This year there are two themes: ‘Eye Safety at Work’ and ‘Healthy Vision: Make It Last a Lifetime.’
Eye injuries in the workplace are very common. The National Institute for Occupational Safety and Health (NIOSH) reports about 2,000 U.S. workers sustain job-related eye injuries that require medical treatment each day. However, safety experts and eye doctors believe the right eye protection could have lessened the severity or even prevented 90% of these eye injuries.
Eye hazards against which protection is needed in the workplace:
- Projectiles (dust, concrete, metal, wood and other particles)
- Chemicals (splashes and fumes)
- Radiation (especially visible light, ultraviolet radiation, heat or infrared radiation, and lasers)
- Bloodborne pathogens (hepatitis or HIV) from blood and body fluids
Assess your Work Place: Inspect the work area, access routes, and equipment for hazards to eyes. Study eye accident and injury reports. Identify operations and areas the present eye hazards. The process can involve, for example, a workplace survey that asks what types of accidents have taken place, what hazards people are reporting, whether the Ministry of Labour has ever issued an order, and whether someone has had an eye injury in the last few years. Inspect, audit, interview – do whatever is necessary to fully understand the hazards of everyone’s job.
Regular Test: Regular physical examinations should be conducted to provide vision testing during work hours.
Select Protective Eye Wear: Select the right eye protection for the work site. Protective eyewear must meet the current standards from the Occupational Safety and Health Act of 1970 and later revisions. Also, make sure safety eyewear is in good condition. Make sure safety eyewear fits right and stays in place. Find out all you can about exactly what features you need in your protective eyewear. Watch out for tinted lenses. There are right and wrong applications for tinted lenses. They might actually be mandated for outdoor workers, as long as they have the appropriate UV protection rating.
Keep your safety eyewear in good condition and have it replaced if it becomes damaged.: Workers need protective eyewear that fits well and is comfortable. Have eyewear fitted by an eye care professional or someone trained to do this. Provide repairs for eyewear and require each worker to be in charge of his or her own gear. Workers who need prescription safety eyewear, especially bifocals or trifocals, tend to hang onto scratched, damaged ones longer because they’re so costly to the employer. The solution: Wear your regular glasses and wear mono goggles over top.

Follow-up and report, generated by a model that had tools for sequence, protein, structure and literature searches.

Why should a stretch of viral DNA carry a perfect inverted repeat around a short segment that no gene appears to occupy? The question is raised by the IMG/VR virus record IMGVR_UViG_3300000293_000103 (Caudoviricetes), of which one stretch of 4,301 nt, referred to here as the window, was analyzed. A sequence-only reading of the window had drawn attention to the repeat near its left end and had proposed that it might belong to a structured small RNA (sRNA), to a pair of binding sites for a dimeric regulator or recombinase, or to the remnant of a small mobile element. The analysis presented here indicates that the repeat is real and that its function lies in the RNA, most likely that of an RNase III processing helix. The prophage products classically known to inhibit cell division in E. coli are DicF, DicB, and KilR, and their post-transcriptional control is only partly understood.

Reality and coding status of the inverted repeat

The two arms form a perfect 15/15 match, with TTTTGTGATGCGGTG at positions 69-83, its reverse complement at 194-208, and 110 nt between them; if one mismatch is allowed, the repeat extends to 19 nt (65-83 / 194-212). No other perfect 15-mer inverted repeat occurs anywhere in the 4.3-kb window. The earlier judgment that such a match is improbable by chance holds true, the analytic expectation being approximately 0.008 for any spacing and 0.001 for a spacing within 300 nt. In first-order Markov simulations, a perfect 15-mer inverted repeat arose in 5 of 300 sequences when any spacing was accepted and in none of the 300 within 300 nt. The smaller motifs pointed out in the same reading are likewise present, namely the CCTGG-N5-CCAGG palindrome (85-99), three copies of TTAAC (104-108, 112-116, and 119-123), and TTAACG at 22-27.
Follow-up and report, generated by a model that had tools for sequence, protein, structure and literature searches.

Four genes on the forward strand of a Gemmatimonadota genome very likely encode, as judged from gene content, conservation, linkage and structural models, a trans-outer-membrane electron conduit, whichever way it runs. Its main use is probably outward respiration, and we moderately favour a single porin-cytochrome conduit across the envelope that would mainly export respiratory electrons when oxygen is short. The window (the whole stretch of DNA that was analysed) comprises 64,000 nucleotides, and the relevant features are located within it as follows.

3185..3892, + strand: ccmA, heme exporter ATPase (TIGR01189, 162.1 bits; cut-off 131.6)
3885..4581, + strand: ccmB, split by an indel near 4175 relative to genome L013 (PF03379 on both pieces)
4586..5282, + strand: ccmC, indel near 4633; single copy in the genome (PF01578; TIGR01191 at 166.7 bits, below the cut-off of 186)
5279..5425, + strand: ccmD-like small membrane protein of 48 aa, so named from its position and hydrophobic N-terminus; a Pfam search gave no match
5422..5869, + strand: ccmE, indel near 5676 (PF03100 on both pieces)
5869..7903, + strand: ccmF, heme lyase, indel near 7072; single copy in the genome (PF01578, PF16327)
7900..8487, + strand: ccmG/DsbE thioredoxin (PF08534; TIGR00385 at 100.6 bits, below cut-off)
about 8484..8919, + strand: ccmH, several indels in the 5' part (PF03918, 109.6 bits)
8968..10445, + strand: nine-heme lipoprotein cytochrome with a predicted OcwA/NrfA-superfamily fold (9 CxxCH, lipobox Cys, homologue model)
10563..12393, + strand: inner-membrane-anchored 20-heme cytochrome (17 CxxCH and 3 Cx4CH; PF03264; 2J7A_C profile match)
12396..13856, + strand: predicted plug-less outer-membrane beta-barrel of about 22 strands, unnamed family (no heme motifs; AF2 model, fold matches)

First Aid procedures for Eye Injuries: Eye wash stations should be located near by to work place. The water should be just the right temperature so that the affected worker will be able to tolerate the recommended minimum 15-minute eye rinse. Some eyewash stations contain a saline solution that’s self-contained, eliminating concerns for water that’s too hot or cold. Have eyewash stations that are easy to get to, especially where chemicals are used. Train workers in basic first-aid and identify those with more advanced training.
Add Eye Safety to your regular employee training program: and to new employee orientation. Conduct ongoing educational programs to establish, maintain and reinforce the need for protective eyewear.
Support: Management support is key to having a successful eye safety program. Management can show their support for the program by wearing protective eyewear whenever and wherever needed.
Stay Updated: Your accident prevention policy should be regularly updated with a goal – NO eye injuries or accidents!
Display: A Bureau of Labor Statistics (BLS) survey of workers who suffered eye injuries revealed that nearly three out of five were not wearing eye protection at the time of the accident. These workers most often reported that they believed protection was not required for the situation. Therefore, make sure to display a copy of the policy in work and employee gathering areas. Include a review of the policy in new employee orientation.
Eye injuries that do occur should be treated only by trained personnel: in order to prevent further damage. As a general rule, avoid rubbing the injured eye, apply a loose patch, and go to an ophthalmologist or an emergency room physician as soon as possible. In the case of chemical injuries, flush the eye immediately with generous amounts of water, and contact an ophthalmologist promptly.
- Vision screening for workers
- Determination of visual requirements for each job
- Assessment of potential eye hazards in the job environment
- Rules requiring that basic eye protection be worn
- A supply of corrective safety glasses for workers